http://www.utoronto.ca/
http://www.sickkids.ca

More articles from Health and Medicine:

nachricht Shipment tracking for "fat parcels" in the body
14.10.2019 | Rheinische Friedrich-Wilhelms-Universität Bonn

nachricht Antibody-based eye drops show promise for treating dry eye disease
14.10.2019 | University of Illinois at Chicago

All articles from Health and Medicine >>>

The most recent press releases about innovation >>>

Die letzten 5 Focus-News des innovations-reports im Überblick:

Im Focus: Novel Material for Shipbuilding

A new research project at the TH Mittelhessen focusses on the development of a novel light weight design concept for leisure boats and yachts. Professor Stephan Marzi from the THM Institute of Mechanics and Materials collaborates with Krake Catamarane, which is a shipyard located in Apolda, Thuringia.

The project is set up in an international cooperation with Professor Anders Biel from Karlstad University in Sweden and the Swedish company Lamera from...

Im Focus: Controlling superconducting regions within an exotic metal

Superconductivity has fascinated scientists for many years since it offers the potential to revolutionize current technologies. Materials only become superconductors - meaning that electrons can travel in them with no resistance - at very low temperatures. These days, this unique zero resistance superconductivity is commonly found in a number of technologies, such as magnetic resonance imaging (MRI).

Future technologies, however, will harness the total synchrony of electronic behavior in superconductors - a property called the phase. There is currently a...

Im Focus: How Do the Strongest Magnets in the Universe Form?

How do some neutron stars become the strongest magnets in the Universe? A German-British team of astrophysicists has found a possible answer to the question of how these so-called magnetars form. Researchers from Heidelberg, Garching, and Oxford used large computer simulations to demonstrate how the merger of two stars creates strong magnetic fields. If such stars explode in supernovae, magnetars could result.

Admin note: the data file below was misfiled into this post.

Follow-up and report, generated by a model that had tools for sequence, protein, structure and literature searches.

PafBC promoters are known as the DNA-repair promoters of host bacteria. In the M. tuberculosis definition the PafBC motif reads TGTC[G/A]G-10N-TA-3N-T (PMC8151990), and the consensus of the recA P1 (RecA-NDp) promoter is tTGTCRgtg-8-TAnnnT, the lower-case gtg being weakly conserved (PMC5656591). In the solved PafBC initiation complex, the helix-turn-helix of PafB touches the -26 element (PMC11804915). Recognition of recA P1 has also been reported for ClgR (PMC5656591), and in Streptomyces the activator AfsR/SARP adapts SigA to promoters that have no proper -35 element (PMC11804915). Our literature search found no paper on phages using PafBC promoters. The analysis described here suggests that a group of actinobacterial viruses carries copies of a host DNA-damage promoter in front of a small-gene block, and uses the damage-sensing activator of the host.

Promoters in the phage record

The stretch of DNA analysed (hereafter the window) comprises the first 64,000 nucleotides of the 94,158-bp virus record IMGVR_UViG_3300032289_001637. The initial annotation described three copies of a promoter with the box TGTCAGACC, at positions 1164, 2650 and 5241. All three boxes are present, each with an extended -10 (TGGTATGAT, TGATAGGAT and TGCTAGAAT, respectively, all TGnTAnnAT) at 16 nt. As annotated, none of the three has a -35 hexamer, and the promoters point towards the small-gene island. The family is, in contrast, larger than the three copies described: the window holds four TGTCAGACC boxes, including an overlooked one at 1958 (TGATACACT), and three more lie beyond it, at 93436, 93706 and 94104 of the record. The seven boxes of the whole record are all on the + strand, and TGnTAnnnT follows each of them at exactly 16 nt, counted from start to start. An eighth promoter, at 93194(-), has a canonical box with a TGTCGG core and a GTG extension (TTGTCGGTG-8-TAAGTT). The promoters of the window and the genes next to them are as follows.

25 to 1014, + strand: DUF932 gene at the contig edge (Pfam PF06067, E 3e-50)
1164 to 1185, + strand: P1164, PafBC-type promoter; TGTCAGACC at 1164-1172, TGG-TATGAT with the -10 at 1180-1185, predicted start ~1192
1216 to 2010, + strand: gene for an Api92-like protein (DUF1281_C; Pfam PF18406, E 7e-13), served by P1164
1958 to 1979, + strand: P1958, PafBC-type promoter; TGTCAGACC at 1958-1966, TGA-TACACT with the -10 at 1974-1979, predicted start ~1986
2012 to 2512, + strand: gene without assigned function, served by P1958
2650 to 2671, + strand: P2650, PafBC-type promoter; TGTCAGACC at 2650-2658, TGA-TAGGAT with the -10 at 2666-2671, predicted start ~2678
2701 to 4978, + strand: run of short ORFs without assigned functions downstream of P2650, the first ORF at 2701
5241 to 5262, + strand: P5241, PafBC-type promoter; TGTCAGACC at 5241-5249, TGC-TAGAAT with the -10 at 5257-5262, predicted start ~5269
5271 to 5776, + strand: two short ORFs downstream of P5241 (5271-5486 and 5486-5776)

How Do the Strongest Magnets in the Universe Form?

Im Focus: Liquifying a rocky exoplanet

A hot, molten Earth would be around 5% larger than its solid counterpart. This is the result of a study led by researchers at the University of Bern. The difference between molten and solid rocky planets is important for the search of Earth-like worlds beyond our Solar System and the understanding of Earth itself.

Rocky exoplanets that are around Earth-size are comparatively small, which makes them incredibly difficult to detect and characterise using telescopes. What...

Im Focus: Axion particle spotted in solid-state crystal

Scientists at the Max Planck Institute for Chemical Physics of Solids in Dresden, Princeton University, the University of Illinois at Urbana-Champaign, and the University of the Chinese Academy of Sciences have spotted a famously elusive particle: The axion – first predicted 42 years ago as an elementary particle in extensions of the standard model of particle physics.

The team found signatures of axion particles composed of Weyl-type electrons (Weyl fermions) in the correlated Weyl semimetal (TaSe₄)₂I. At room temperature,...

All Focus news of the innovation-report >>>

Anzeige

Anzeige

VideoLinks
Industry & Economy
Event News

International Symposium on Functional Materials for Electrolysis, Fuel Cells and Metal-Air Batteries

02.10.2019 | Event News

NEXUS 2020: Relationships Between Architecture and Mathematics

02.10.2019 | Event News

Optical Technologies: International Symposium „Future Optics“ in Hannover

19.09.2019 | Event News

 
Latest News

How to control friction in topological insulators

14.10.2019 | Physics and Astronomy

The shelf life of pyrite

14.10.2019 | Earth Sciences

Shipment tracking for "fat parcels" in the body

14.10.2019 | Health and Medicine

VideoLinks
Science & Research
Overview of more VideoLinks >>>